Retailers Lose In Latest Debit Card Swipe Fee Ruling
Few consumers know that there is a heated battle going on about the fees charged every time you swipe your debit card. It’s a conflict between big banks and large retailers, two politically influential and well-moneyed groups, about the current cap on debit card swipe fees. The latest round of this years-long battle was a victory for the banks.
On March 21 the US Appeals Court for the District of Columbia overturned a lower court’s July decision that ordered the Federal Reserve to recalculate and lower its 21-cent per transaction cap on the fees charged for processing a debit card payment. Retailers cheered that decision and expressed optimism that the so-called debit card swipe fee would be reduced to as low as 12 cents. This latest ruling means that the swipe fee cap will remain at 21 cents per transaction.
The imbroglio over how much banks should be able to charge stores for processing a debit card purchase began after the 2010 passage of the Dodd-Frank Consumer Protection and Wall Street Reform Act. Under the Durbin Amendment of that legislation, the Federal Reserve was tasked with formulating regulations that would result in swipe fees that reflected the actual costs to banks of processing a payment. Initially, the Federal Reserve proposed a cap of 12 cents, though it later revised it upwards to 21 cents. Before the passage of the Durbin Amendment and the Federal Reserve’s calculations the average debit card swipe fee was about 45 cents.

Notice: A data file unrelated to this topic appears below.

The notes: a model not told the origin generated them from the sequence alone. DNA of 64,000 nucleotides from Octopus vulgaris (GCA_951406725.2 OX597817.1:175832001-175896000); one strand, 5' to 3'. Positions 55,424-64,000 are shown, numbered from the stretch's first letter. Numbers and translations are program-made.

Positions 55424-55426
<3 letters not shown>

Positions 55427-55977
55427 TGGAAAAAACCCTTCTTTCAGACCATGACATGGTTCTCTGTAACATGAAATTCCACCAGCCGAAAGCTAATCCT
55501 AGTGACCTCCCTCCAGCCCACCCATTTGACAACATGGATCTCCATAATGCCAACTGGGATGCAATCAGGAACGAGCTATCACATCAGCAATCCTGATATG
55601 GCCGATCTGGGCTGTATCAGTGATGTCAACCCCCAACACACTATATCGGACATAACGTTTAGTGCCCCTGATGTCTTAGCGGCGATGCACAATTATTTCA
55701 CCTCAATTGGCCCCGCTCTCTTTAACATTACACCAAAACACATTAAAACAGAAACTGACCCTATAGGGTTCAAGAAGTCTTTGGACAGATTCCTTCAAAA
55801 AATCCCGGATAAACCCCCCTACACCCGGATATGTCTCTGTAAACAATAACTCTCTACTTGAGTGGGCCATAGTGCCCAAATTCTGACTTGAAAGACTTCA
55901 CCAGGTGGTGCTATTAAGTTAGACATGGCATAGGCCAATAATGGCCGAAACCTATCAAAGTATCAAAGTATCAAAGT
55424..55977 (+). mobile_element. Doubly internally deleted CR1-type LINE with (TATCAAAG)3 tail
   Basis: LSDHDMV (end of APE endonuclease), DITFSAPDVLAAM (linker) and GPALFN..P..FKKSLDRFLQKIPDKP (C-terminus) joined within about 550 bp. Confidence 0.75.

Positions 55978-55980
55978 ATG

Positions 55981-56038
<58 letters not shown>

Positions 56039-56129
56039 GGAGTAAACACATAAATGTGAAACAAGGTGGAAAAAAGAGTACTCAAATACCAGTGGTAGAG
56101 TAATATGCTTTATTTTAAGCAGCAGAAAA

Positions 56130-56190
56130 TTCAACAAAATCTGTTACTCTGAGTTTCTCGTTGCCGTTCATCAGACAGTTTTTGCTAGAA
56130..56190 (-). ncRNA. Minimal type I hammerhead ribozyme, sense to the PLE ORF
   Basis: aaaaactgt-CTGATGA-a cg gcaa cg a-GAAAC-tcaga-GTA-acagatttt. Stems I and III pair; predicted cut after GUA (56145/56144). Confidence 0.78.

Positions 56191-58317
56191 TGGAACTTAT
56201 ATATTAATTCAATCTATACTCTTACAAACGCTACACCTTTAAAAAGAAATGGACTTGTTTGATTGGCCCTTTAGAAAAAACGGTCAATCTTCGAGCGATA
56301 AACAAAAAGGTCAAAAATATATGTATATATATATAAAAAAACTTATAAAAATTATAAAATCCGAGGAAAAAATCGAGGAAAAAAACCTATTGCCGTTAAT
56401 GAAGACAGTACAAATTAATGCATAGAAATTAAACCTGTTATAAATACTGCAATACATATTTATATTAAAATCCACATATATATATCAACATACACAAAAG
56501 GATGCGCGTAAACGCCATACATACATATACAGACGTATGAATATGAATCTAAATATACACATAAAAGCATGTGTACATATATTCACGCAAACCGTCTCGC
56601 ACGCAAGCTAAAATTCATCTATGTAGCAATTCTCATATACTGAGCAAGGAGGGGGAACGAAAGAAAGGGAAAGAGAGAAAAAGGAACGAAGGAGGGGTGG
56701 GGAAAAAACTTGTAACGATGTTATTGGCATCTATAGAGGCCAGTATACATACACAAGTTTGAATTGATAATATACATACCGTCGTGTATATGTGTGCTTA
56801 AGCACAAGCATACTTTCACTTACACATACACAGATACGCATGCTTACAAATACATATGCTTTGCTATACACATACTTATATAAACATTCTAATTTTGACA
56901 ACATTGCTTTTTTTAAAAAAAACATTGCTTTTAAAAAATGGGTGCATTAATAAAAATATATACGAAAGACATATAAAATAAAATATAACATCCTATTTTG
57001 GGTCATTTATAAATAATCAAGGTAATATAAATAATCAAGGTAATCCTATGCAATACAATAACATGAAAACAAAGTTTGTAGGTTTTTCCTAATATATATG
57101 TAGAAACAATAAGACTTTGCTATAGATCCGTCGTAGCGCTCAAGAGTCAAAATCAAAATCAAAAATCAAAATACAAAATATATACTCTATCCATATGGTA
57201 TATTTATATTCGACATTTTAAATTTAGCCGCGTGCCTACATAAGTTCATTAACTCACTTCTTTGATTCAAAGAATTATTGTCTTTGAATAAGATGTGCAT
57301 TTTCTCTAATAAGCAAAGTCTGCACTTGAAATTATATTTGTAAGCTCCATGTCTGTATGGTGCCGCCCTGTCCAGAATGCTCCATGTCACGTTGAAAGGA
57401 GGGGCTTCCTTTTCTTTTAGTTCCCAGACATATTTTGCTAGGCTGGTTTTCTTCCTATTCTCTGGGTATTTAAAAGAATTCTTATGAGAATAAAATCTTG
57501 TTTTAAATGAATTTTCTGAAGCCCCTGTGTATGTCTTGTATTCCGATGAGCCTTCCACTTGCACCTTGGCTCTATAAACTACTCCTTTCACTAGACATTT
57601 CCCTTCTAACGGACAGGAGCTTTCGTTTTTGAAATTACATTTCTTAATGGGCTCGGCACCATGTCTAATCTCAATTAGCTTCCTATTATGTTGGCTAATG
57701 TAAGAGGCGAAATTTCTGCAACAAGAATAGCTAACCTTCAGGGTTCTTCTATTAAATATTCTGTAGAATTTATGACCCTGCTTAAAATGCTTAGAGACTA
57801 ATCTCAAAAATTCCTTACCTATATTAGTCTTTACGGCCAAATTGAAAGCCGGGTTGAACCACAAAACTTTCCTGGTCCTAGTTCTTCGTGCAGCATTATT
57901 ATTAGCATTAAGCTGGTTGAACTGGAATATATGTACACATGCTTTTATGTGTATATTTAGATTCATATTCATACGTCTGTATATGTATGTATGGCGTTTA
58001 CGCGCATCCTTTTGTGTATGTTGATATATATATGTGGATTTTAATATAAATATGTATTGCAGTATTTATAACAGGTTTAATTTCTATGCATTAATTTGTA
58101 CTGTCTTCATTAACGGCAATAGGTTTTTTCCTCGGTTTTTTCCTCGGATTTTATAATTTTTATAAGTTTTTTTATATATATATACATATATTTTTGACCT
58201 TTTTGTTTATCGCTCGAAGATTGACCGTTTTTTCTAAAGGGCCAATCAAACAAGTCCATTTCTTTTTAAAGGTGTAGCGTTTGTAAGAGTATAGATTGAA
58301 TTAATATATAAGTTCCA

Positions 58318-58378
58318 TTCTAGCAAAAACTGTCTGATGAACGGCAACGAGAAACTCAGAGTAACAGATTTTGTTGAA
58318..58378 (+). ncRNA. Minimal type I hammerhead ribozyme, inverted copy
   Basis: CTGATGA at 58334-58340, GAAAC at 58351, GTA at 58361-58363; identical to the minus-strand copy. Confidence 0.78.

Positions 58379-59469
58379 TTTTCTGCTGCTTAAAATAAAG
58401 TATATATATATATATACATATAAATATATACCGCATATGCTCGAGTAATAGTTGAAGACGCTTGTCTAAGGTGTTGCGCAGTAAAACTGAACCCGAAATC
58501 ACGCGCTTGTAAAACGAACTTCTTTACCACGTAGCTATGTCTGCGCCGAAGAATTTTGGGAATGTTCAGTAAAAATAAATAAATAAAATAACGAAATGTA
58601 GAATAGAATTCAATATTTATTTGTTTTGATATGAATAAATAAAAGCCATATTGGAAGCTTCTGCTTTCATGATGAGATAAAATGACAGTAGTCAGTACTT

Seeking to lower the cap even more, the National Retail Federation (NRF) and other groups filed an appeal in federal court in 2011, which eventually resulted in last summer’s ruling. Naturally, the NRF was disappointed in the court’s latest ruling. “The Fed ignored congressional intent and worked to shield debit card companies and big banks. A self-described victory for the banks usually results in higher costs for consumers,” says Mallory Duncan, NRF’s senior vice president and general counsel. NRF and its allies are considering whether to appeal this latest ruling.
By contrast, the American Bankers Association applauded the ruling but remained critical of the establishment of a swipe fee cap in the first place. “While this decision is a welcomed outcome, the fact remains that the underlying policy – the Durbin Amendment – has not accomplished its goal of lowering prices for consumers. It has only served to increase the bottom line for big box retailers,” says ABA president Frank Keating. This is a battle that seems likely to continue.